Closing out the game is probably the trickiest part of playing this deck. The deck offers a lot of value in the cards you cast with many of them providing a very powerful effect. Trying to end the game simply by attacking with an 8/8 Octopus a few times sounds fairly easy, but in reality this quickly becomes a problem when you discover the opponent can kill off the token about 80% of the time. Cards like Reflector Mage, Ob Nixilis Reignited, or just a bunch of chump blockers will get in the way of us attacking for victory. The best way to get around a defense like this is to setup a turn when you can cast both Part the Waterveil and Crush of Tentacles. Doing this will return all of the opponent’s potential blockers to their hand and give you an 8/8 Octopus to attack unimpeded. On the turn that follows, you can also animate a Lumbering Falls or two to swing for 11+ damage, or just cast another Part the Waterveil with Awaken for even more damage. Chaining together time walk effects is incredibly powerful especially when they come attached to a 6/6 with haste.
Probably the coolest part about playing this deck is how resilient it is to Emrakul, the Promised End. Typically having someone else control your turn and being allowed to play your cards in the most devastating and harmful way possible is terrifying. With this UG Crush deck, however, it’s very rare that your opponent will be able to do much damage to you with your own cards. Most of our more powerful cards have a generic, non-targeted effect that cannot be abused when someone else decides to cast the spell. Crush of Tentacles will always bounce all permanents, Part the Waterveil can only give us an extra turn, Ulamog, the Ceaseless Hunger if cast can’t exile itself and will threaten to mill out the opponent with our extra turn’s free attack. The very first round of the Invitational standard portion, my opponent ended up casting Emrakul three turns in a row! On the third Emrakul, my hand was Crush, Ulamog, and Waterveil. It didn’t matter what cards he cast, if any, because on my following turn I was going to be able time walk and exile his Emrakul with my own Ulamog. He opted to cast my Ulamog to exile two of my own lands, which meant I got to attack for 20 cards on my free turn, time walk, then attack again for another 20 cards which left him with no cards in his library.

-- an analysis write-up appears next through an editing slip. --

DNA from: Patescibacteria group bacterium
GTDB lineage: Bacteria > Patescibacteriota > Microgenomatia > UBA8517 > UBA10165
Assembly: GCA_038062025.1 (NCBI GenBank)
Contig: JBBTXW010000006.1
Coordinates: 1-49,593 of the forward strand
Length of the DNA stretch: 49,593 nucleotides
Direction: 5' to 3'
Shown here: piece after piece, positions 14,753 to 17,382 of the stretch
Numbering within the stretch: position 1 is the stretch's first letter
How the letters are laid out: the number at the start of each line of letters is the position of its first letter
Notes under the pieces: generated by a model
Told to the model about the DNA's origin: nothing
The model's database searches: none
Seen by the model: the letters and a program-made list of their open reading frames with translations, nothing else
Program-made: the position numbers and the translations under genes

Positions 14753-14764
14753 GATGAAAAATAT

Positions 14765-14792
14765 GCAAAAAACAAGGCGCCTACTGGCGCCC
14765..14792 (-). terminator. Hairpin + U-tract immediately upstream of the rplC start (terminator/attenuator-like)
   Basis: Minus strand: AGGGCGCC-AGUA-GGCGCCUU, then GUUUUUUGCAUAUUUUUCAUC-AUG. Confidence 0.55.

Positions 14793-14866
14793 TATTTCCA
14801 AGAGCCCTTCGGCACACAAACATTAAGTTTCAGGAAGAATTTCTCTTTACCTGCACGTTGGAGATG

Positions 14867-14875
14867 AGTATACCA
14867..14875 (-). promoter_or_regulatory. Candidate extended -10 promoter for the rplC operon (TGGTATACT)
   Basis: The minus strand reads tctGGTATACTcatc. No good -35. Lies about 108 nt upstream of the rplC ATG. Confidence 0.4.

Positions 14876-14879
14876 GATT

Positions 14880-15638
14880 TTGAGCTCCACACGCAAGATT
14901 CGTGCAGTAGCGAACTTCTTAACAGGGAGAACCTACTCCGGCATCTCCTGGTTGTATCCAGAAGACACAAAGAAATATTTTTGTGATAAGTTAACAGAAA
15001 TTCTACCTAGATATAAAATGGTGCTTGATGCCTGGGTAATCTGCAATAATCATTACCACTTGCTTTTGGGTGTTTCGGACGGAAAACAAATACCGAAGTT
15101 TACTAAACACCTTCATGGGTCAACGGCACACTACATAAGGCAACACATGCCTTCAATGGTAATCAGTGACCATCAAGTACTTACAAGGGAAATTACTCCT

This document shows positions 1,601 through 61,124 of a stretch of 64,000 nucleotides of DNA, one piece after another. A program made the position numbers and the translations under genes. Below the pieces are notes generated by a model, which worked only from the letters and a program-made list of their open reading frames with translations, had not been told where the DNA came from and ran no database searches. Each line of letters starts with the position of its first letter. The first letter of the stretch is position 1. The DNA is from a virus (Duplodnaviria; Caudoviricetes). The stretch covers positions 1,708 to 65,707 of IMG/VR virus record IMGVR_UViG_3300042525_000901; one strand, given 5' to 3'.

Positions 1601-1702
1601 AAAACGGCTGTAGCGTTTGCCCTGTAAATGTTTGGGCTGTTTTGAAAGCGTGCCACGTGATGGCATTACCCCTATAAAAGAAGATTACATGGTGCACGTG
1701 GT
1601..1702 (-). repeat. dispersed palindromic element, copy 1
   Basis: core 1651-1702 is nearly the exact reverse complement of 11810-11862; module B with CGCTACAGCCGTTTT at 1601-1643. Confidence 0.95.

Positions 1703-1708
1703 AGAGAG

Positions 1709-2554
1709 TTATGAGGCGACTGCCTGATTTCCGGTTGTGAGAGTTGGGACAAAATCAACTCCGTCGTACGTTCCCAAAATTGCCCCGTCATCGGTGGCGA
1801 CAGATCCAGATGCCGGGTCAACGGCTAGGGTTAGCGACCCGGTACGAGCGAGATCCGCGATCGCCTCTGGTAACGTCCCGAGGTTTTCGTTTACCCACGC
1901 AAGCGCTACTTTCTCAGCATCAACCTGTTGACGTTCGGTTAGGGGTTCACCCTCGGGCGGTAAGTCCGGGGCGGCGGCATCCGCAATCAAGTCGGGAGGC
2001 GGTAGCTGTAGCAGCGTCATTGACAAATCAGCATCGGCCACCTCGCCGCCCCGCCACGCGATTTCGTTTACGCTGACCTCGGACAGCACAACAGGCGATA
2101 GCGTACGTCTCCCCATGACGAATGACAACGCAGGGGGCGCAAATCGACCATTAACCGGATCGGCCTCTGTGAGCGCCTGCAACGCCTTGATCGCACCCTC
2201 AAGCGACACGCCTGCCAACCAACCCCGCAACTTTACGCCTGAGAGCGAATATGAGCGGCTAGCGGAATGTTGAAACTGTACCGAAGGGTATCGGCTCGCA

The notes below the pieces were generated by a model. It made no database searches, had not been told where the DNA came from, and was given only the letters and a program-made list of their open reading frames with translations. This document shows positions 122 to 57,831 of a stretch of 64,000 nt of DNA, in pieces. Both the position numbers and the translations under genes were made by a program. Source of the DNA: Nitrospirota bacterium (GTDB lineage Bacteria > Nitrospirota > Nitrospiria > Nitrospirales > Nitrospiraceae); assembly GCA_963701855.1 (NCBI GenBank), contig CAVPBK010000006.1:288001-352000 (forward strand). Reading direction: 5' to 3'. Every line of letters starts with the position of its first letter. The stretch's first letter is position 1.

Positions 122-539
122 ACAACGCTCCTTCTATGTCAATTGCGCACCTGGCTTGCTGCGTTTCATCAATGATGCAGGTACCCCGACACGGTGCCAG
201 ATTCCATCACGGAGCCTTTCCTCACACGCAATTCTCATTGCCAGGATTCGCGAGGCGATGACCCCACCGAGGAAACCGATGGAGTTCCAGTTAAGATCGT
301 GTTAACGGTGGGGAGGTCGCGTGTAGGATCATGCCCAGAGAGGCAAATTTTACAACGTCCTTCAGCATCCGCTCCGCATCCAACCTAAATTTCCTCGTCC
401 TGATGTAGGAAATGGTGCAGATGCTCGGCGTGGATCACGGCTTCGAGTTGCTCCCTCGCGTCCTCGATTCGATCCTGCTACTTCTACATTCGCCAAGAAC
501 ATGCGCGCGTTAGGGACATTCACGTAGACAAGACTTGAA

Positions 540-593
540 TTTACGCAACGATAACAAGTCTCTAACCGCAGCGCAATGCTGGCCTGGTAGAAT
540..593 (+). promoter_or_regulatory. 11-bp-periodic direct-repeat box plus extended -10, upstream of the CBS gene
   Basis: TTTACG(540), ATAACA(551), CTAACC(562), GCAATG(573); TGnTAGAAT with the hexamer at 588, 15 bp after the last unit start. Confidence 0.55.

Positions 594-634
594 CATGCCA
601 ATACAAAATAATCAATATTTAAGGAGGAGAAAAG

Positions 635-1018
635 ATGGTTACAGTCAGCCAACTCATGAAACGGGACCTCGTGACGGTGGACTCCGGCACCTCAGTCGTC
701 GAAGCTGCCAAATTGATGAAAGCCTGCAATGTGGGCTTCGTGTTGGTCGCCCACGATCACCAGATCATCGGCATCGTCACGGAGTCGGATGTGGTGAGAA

After playing this deck in 8 rounds of the SCG Invitational as well as a slightly modified version in 9 more rounds of the SCG Classic on Sunday, here is the updated list I would play today:
Overall the deck felt very solid to me. One of the cards that impressed me the most was Noose Constrictor. He was very important in the Bant Company matchup as it helped relieve a lot of the pressure from early creature attacks. While it’s true they can just attack with their 2/3 creature into your snake and force you to discard a card, this never happens cause they would rather just keep their creature in play, so you rarely have to spend a card on offering to block with this guy. Oh, and he has reach to block pesky spirits. He also helps keep your hand small when playing against the Fevered Visions decks. The only downside to playing with this card maindecked is that you will want to kill it off before your opponent Emrakuls you. If you don’t they will discard your hand to the snake and you’ll be left with nothing. However, I think the upside of the defense offered by Noose Constrictor is much higher than his downsides.
Jaddi Offshoot is a necessary defense against Mono-White Humans. It helps buy you necessary time to setup for a Crush. Clip Wings is important to have when the opponent’s deck has access to Archangel Avacyn or Goldnight Castigator. Both of these creatures can be cast after a Crush resolves to get in for 4 damage. Aside from counter magic, I included Display of Dominance as a way to answer Fevered Visions and Demonic Pact. I originally was using a Naturalize, but discovered that Display of Dominance destroys the same two cards as well as other pesky permanents such as Liliana, the Last Hope, Ob Nixilis Reignited, and Sorin, Grim Nemesis.